Fire in California
Impacting people, homes and natural resources
Fire and drought are part of California’s annual cycle of life; however, the last few years in California have been a reality check that the pace and scale of fire adaptation must accelerate. California’s Mediterranean landscapes are adapted to frequent fire, but its people and homes are not.
The last ten years have demonstrated to Californians that the type, frequency, and size of wildfires are here to stay. Adapting to these fire events requires immediate actions at every level- from the family to the community, from homes to wildlands, and throughout government agencies. California’s fire problem is not just about fire. Emergency response, community planning, public health, policy, science—we know now that we need all hands on deck to move forward.
Wind-driven fires blast embers at structures
What the science says about home loss
What can Californians do to improve the chances that their homes will survive a wildfire? Simple actions taken around the home can substantially improve the odds that a home will survive wildfire exposure.
These actions do not have to be costly but require an understanding of the three main types of exposures (embers, radiant heat, and direct flame contact) that a home may experience when threatened by wildfire. See exposures to learn more.
The odds of a home surviving a wildfire can be substantially improved through careful attention to three things: careful design and maintenance of landscaping; awareness and management of combustible materials on the property such as leaf litter, woodpiles, and lawn furniture; and incorporation of fire- and ember-resistant construction materials with appropriate installation and maintenance.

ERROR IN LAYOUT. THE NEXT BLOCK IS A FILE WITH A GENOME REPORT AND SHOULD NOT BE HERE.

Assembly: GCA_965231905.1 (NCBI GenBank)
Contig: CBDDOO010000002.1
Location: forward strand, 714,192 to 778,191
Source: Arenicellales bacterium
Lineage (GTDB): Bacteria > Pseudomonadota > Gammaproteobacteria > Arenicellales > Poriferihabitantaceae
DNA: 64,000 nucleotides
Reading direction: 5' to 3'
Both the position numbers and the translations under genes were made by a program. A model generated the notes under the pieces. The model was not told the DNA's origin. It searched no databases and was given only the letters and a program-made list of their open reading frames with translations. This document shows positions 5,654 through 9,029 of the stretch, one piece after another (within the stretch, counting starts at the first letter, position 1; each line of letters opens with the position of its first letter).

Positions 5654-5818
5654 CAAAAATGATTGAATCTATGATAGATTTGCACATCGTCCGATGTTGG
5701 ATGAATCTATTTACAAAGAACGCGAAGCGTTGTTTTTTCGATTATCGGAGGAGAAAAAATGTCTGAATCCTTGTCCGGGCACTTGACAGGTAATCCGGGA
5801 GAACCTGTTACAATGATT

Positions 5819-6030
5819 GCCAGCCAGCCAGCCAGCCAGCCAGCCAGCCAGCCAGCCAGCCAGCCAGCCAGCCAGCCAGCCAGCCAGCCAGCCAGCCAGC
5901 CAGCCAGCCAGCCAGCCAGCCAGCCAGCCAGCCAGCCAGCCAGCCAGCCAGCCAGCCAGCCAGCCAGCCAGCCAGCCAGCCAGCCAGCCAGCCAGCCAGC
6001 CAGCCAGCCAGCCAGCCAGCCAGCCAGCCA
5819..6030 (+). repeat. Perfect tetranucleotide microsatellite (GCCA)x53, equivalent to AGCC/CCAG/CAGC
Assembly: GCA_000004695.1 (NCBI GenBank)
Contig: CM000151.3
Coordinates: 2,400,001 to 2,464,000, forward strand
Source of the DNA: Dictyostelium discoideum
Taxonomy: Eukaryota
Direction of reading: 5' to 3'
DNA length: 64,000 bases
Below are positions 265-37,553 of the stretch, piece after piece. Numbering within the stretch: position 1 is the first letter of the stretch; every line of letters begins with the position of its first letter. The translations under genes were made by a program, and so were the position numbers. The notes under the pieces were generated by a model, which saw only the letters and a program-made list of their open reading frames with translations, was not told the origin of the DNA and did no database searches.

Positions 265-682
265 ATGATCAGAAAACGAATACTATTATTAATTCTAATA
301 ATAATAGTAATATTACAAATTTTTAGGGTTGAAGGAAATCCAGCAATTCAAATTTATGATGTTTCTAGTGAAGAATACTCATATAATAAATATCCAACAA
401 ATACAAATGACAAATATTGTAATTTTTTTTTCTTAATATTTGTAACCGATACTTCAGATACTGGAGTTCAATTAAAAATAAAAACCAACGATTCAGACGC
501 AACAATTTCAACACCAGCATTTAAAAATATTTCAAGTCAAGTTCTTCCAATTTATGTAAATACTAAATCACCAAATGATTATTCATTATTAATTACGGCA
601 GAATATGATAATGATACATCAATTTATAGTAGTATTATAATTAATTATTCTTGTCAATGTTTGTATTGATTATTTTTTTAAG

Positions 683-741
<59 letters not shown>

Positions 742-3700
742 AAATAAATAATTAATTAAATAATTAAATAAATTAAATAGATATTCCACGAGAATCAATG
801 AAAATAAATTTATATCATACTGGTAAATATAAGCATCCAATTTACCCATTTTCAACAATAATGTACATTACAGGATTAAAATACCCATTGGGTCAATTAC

Whether you are building a new home or caring for an older home, there are simple actions to improve a home’s chance of survival. Embers cause the majority of wildfire home ignitions by directly igniting a home or igniting vegetation or materials on or near a home, resulting in flames touching the house or a high heat (radiant heat) exposure that may break glass in a window. Should embers land on or near a house, they can easily ignite the plants and mulch near a home, dry leaves, or lawn furniture. Embers can also enter the home or attic through a vent or open window, ignite the house’s contents, and the home will burn seemingly from the inside out. When embers enter the house directly, there is often little damage to the surrounding vegetation (see photo). It is highly recommended to upgrade or install vents that meet the new flame- and ember-resistant standards.
Example of UC work
UC ANR is involved in fire research and education, helping enhance understanding of fire’s role in human and natural communities and offering guidance about reducing risk. We’ve developed a range of helpful publications and online tools addressing wildfire, fuels management, post-fire recovery, and other fire-related topics. Here is a sample of available resources:
- Reducing the Vulnerability of Building to Wildfire: Vegetation and Landscaping Guidance: https://anrcatalog.ucanr.edu/pdf/8695.pdf.
- Home Survival in Wildfire-Prone Areas: Building Materials and Design Considerations: http://anrcatalog.ucdavis.edu/pdf/8393.pdf
- Fire in California: https://ucanr.edu/sites/fire/ (Includes Homeowner’s Wildfire Mitigation Guide: https://ucanr.edu/sites/fire/Prepare/
For More Information
Contact Yana Valachovic
AP News 2021:
“’We lost Greenville’: Wildfire decimates California town”
The Los Angeles Times 2021:
“Dixie fire reaches 900,000 acres as crews battle multiple blazes across California”
“Caldor Fire prompts states of emergency in Nevada and California, with more than 50,000 told to evacuate the Lake Tahoe region”
“Wildfires in California this year have scorched three times more land than in the same period of last year’s record season”